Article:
A week ago (maybe more, depending on when you’re reading this) I was nervously waiting the start of the 2017 Dulux Trade London Revolution, a two-day clockwise ride from Tottenham out to Windsor, where we’d camp overnight, before returning through the Chilterns and Hertfordshire back to the start.
Why I was quite so nervous I can’t explain. Partly that I just didn’t know what to expect, I suppose. I’ve ridden a couple of multi-day rides before – including London to Paris, which was quite high mileage for three of the four days, but staying in comfy hotels… This was a 100-miler (101.71 according to my Garmin), followed by 85 (86.28), sleeping in a tent in between…
Maybe it was the camping. I hadn’t even tried out my sleeping bag yet.
My husband tried to calm my nerves. “It’s not the Gobi desert, it’s leafy Surrey. With shops.”
For many (identifying themselves with red ribbons in their helmets), the London Revolution is a practice run for the Deloitte Ride Across Britain in September, a little taste of what’s to come, only without the following seven days and nights of cycling and camping.
But even if you’re not riding the RAB, the London Revolution is a superbly organised event worth doing for its own sake. London commuters might be bored with cycling over Tower Bridge, but being a country bumpkin I’m still dumbstruck whenever I see it, and I’ve never ridden over it before!
The route – devised by Andy Cook, who also sorts out the RAB route – takes you in quite a direct way to Tower Bridge, with plenty of (too much!) stop-start traffic-light action making you realise you’re not going to get exhausted on the bike any time soon. Exasperated, maybe…
From south of the Thames, we rode through beautiful Dulwich ‘village’, up to the Crystal Palace mast – actually getting the lungs pumping a bit – and eventually out into Kent/Surrey.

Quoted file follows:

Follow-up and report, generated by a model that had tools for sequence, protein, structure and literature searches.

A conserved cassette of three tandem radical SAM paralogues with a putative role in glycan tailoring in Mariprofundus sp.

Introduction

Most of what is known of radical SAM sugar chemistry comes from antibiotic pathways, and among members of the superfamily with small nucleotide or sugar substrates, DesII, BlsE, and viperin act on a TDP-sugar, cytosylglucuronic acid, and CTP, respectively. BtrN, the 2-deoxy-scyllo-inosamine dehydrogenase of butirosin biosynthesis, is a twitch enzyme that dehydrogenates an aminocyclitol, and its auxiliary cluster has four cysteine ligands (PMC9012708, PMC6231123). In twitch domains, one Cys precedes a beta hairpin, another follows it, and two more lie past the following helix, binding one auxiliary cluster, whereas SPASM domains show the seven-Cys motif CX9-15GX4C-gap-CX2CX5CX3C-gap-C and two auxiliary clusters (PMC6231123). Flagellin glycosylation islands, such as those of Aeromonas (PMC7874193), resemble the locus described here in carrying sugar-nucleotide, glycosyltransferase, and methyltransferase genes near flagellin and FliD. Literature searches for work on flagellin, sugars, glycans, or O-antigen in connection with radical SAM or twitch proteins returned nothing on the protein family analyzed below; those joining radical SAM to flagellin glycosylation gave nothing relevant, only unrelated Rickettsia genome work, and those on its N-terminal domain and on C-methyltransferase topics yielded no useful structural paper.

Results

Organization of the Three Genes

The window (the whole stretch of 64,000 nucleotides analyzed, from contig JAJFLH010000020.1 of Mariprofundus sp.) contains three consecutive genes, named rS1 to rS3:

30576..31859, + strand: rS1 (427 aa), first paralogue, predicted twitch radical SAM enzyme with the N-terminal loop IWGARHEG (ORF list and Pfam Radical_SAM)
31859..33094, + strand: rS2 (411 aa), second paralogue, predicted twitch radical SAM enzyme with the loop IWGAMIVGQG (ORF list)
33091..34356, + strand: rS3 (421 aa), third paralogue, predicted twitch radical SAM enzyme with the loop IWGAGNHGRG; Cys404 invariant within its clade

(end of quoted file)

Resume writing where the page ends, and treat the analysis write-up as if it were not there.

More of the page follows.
With family and friends living nearby, it’s not an area completely new to me, but I’ve never cycled around it. A few idiot car drivers aside, it’s a lovely place to be on a bike – surprisingly so when you consider how close you are to the capital.
Titsey Hill I had heard of – and luckily we were being sent down it not up (though not for one unfortunate woman who crashed badly). Some years the Rev runs anti-clockwise, I was told by one passing cyclist, and I’m not sure I’d fancy riding up it…
Arriving at the first feed station just ahead of the 11.30am cut-off time meant I could breathe a sigh of relief. Instructions ahead of the ride to ‘make yourself familiar with the timings of the pit stops’ had made me worry about a possible rookie mistake of opting for the latest start time, so as to have the longest possible lie-in, without thinking about how this would affect riding speed…
Now I could relax. The sun shone, the food was plentiful, the atmosphere very convivial. And the middle leg that followed was pretty easygoing – or easygoing and pretty – with only one hill registering on the top tube sticker list.
The couple of climbs that followed the second feed station were sharp but short, with a particularly nasty left-hander on Staple Lane, but the loveliest downhill followed as just reward: the views opened up to a distant horizon, beyond what could possibly have been Guildford…